Urgent investment is required into district nurses to prevent their 'extinction' by 2025, said the RCN in a report released to coincide with its Congress in June.
In the last 10 years there has been a 47 per cent reduction in the number of qualified district nursing staff.
Research from the National Nursing Research Unit, commissioned by the RCN, revealed the shortage of district nurses is expected to get worse, as over a third of the current workforce approaches retirement age.
The RCN has called on the Government to fulfil its commitment to increase the community nursing workforce by 10,000.
In order to deal with the rising number of frail elderly patients the RCN recommended that these extra posts be district nurses.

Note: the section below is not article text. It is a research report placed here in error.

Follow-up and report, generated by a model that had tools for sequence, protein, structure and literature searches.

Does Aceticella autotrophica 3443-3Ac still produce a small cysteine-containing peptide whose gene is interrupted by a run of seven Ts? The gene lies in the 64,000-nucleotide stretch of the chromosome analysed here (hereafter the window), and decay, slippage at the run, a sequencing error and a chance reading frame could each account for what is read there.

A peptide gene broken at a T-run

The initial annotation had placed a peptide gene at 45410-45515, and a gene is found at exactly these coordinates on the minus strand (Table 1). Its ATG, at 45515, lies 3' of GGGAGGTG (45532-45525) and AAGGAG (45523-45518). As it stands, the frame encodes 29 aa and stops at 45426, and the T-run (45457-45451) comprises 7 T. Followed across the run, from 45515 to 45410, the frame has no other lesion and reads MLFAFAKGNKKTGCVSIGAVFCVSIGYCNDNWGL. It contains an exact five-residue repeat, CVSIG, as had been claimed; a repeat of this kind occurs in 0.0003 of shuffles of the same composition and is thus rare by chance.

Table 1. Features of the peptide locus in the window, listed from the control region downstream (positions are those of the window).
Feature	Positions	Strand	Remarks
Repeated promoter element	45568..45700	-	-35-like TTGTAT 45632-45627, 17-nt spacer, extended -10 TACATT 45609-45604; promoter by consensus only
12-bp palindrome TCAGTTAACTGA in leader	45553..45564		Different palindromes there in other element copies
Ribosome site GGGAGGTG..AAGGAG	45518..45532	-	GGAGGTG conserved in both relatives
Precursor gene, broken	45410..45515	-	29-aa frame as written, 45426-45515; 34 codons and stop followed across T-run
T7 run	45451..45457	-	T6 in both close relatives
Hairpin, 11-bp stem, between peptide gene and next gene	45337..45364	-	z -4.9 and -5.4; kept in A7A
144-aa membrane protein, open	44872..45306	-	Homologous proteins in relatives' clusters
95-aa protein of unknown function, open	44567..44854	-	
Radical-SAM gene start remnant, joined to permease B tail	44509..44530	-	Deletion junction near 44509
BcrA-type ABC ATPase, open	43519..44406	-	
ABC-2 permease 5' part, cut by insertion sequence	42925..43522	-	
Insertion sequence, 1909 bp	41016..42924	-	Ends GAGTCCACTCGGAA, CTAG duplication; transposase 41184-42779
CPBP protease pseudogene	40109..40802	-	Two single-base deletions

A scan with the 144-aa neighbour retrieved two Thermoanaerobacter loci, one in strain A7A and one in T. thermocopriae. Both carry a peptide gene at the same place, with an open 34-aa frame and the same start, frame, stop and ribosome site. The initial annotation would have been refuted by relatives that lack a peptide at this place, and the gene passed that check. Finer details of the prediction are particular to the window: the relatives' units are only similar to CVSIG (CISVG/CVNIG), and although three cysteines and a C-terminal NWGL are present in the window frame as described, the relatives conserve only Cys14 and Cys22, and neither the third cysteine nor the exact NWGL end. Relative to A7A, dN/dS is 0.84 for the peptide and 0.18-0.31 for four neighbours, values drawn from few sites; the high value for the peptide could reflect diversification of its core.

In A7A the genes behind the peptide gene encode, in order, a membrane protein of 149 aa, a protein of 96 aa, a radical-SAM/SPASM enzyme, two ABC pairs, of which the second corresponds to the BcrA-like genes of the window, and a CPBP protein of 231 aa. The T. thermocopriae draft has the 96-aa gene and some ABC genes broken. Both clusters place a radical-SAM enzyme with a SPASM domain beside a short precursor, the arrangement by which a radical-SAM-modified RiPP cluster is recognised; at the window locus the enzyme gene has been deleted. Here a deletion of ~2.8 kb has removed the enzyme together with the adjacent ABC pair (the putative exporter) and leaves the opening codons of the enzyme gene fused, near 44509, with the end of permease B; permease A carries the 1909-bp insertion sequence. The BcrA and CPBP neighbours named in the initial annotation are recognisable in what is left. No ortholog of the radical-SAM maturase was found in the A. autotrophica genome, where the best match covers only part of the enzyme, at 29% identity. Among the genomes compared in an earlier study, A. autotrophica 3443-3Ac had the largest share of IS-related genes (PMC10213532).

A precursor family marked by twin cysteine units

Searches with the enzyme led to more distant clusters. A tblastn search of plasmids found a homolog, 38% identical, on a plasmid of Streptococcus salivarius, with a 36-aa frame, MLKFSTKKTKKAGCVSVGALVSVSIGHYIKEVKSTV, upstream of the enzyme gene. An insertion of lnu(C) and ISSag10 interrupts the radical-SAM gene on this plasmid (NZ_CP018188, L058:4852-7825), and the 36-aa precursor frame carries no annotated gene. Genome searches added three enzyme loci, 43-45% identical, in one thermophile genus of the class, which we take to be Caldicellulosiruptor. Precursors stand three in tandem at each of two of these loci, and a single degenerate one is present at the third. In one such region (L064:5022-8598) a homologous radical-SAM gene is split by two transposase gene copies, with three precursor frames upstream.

More than eight out of 10 community nurses say they are working additional hours and three-quarters have said that they have to leave necessary activities unfinished due to lack of time. Four in 10 said they would leave the job if they could.
A nurse told the RCN: 'It is a privilege to work in the community and in people's homes. If I was given more time to do my job I would love it but at times I can't help but feel I have been unable to provide the care I feel I want to give.
'This frustrates and saddens me. The need to keep patients out of hospital is being highlighted at the moment but no extra help is being given to frontline staff.'
The report follows a survey by the QNI,The 2020 Vision: five years on, which also raised concerns about the morale and staffing of district nursing teams.
The RCN is calling for all trainee nurses to undertake a mandatory placement in the community in order to meet future demand.
The full report can be accessed at: http://bit.ly/W73Auv.